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AFP / Yuzuru Sunada
Liège–Bastogne–Liège favorite Philippe Gilbert is looking for a historic victory at his home Spring Classic with Belgium’s King Philippe due to attend Sunday’s race. Gilbert has won once before in Liege but this year’s edition will be the 100th, hence why King Philippe will be in attendance.
“To have the king at the start, this is always something very special because this is a big symbol of Belgium,” said last weekend’s Amstel Gold Race winner. “We’re all Belgians, Fleming and Walloon; for me the king is the biggest symbol we can have in Belgium and to have him at the start because of the 100th edition means a lot.
“If in future I make a book again, this picture (meeting the king before the start of Sunday’s race) will be for sure in the book and I’ll explain this picture to my kids. These really are rare moments and without sport or cycling, I would never have these moments.”
The 31-year-old BMC rider won this race in 2011 when he became only the second person to complete an Ardennes Classics treble. And by winning the Amstel Gold last Sunday, as well as the semi-Classic Brabantse Pijl the previous Wednesday, and finishing 10th at the Fleche Wallonne this last Wednesday, Gilbert has proved he is in the right form to potentially add a second victory in Liege to his achievements. And Gilbert, who was born in Verviers in the Walloon province of Liege, admits this race is just a little bit more special for him.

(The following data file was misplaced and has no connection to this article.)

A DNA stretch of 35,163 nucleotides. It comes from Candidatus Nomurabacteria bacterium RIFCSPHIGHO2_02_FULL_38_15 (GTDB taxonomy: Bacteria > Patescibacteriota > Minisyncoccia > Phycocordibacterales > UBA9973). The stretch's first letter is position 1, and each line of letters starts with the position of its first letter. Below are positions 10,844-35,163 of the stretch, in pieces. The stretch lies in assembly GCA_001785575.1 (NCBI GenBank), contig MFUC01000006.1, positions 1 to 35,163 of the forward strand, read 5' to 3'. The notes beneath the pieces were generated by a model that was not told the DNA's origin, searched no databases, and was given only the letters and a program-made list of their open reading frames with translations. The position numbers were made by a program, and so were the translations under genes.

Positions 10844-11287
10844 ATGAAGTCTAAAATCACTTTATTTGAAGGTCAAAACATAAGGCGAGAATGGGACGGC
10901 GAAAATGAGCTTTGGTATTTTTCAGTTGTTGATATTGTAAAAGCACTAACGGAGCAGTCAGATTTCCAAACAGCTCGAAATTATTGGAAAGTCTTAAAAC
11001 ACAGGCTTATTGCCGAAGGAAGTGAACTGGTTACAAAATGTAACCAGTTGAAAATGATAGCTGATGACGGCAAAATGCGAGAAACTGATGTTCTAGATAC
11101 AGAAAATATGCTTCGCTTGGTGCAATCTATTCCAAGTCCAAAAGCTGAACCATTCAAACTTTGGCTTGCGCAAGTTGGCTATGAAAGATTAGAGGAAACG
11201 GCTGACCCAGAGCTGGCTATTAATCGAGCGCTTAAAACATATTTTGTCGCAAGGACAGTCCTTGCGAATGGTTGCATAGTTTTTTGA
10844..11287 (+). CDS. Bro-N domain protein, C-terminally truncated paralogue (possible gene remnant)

“Liège is a ‘Monument’, one of those five races you have in the season. It’s always bigger than Amstel but I was happy to win Amstel for the third time, and I will also give everything Sunday and try to win.” He added: “That was the dream to win this race and I did it a few years ago and if I can win again, it will be also very nice. I will not stop with one win, every ‘Monument’ I try to win and do my best.”
Several times in the past Liege has been won courtesy of good teamwork, such as last year when Ireland’s Daniel Martin used his Garmin team-mate Ryder Hesjedal as a foil before breaking away from a small group to haul back Spaniard Joaquim Rodriguez and win by three seconds. Gilbert’s team-mate Samuel Sanchez played a similarly important role in his win at Amstel, launching a dummy attack on the final Cauberg climb, forcing the Belgian’s main rivals to react and allowing Gilbert to counter-attack on the other side of the road to go on to win. The 36-year-old Spaniard, who only joined BMC this season, has finished in the top 10 in Liege six times in nine previous attempts, including a best finish of second in 2007.
“He’s very important in the team. He’s relaxed, he gives a lot of motivation to the team and doesn’t put any pressure on you,” said Gilbert. “Just from riding in the bunch, I knew him pretty well. I had this feeling he’s really relaxed and that’s important.”